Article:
Agostino Steffani (1654-1728) was the most important composer ever to be appointed by the Duchy of Hannover. At the end of the 17th century this noble family embarked on a cultural offensive with the objective of having Duke Ernst August become a prince elector. To this end, the Welph dynasty obtained the services of Steffani, a master choice in itself as his works are still performed to this day in the majestic gardens of Princess Caroline of Monaco and her husband, the current Ernst August of Hannover.
Remastered from the original LP recording, this performance is now available on CD.
Leclair was one of the best violinists of his times. The story is told that he had to compete in a musical duel with Locatelli in Kassel - then a most highly popular form of musical entertainment. The chronicler describes his "devilish" playing, contrasting it with the "angelic" style of his Italian rival. His trio sonatas suggest familiarity with the Italian school but also draw on entirely independent French traditions and shine with ingenious inventions and harmonic refinements.
This is Volume 2 in the series of orchestral works by Alfredo Casella, performed by the BBC Philharmonic and Gianandrea Noseda, with the pianist Martin Roscoe. The disc also forms part of the ‘Italian Series’ on Chandos, in association with Ricordi Music and the BBC Philharmonic. International Record Review said of the previous volume: ‘Anyone with more than a passing interest in this fascinating composer needs to have this remarkable disc.’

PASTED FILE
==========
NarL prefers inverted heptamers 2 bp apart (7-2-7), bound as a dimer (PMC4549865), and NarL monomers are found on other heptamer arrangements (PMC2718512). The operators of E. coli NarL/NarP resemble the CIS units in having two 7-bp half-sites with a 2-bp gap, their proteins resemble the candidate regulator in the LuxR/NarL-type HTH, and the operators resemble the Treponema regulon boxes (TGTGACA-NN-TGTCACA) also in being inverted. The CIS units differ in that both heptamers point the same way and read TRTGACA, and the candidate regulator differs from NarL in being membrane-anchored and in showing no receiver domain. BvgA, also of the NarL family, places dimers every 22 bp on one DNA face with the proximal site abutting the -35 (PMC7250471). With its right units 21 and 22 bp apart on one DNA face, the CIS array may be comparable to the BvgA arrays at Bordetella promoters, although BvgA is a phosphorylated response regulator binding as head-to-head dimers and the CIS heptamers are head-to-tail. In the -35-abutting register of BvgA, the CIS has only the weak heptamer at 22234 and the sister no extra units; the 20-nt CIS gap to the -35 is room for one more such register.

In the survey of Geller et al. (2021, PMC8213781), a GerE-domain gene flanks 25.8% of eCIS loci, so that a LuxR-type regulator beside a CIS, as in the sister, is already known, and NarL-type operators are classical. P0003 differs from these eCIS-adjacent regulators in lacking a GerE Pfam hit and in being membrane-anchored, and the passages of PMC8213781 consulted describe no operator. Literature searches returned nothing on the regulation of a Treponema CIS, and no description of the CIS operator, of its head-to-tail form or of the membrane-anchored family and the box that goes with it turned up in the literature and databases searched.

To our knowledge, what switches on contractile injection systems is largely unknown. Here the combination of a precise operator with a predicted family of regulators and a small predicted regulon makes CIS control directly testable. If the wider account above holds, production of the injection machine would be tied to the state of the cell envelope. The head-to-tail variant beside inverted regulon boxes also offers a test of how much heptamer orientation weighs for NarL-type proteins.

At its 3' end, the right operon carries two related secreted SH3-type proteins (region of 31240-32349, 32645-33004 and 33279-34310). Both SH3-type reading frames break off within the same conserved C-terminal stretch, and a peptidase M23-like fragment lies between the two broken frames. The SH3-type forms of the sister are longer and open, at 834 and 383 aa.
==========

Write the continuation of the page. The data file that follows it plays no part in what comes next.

Alessandro Scarlatti’s 600-plus cantatas make him one of the more prolific exponents of a form that flourished in Italy in the late 17th and early 18th centuries. Though he’s generally credited with standardising cantata form, his early essays in the genre were often imaginatively varied, as is shown by the delectable Arcadian Academy disc. Rather than the usual two or three da capo arias alternating with recitatives, the four secular cantatas here boast opening sinfonias, closing ariosos, large numbers of movements and a range of aria-types. Bella madre dei fiori, for example, experiments with a mix of poetic strophes and instrumental ritornelli. Even so, this formal ingenuity would be of limited interest were it not for Scarlatti’s gifts for attractive melody and sensitive illustration of his texts. Christine Brandes sings these pieces beautifully in a bright, clear-toned voice, and is given adroit, vivacious support by her five colleagues. La Famiglia Scarlatti offers two cantatas and two sonatas by Alessandro, together with a cantata apiece by brother Francesco and son Domenico. These are delightful performances, with Kai Wessel’s mellifluous alto a winning advocate, especially on the captivating Doppo lungo servire, Domenico’s earliest surviving work. Extensive and informative notes are a further bonus.–Graham Lock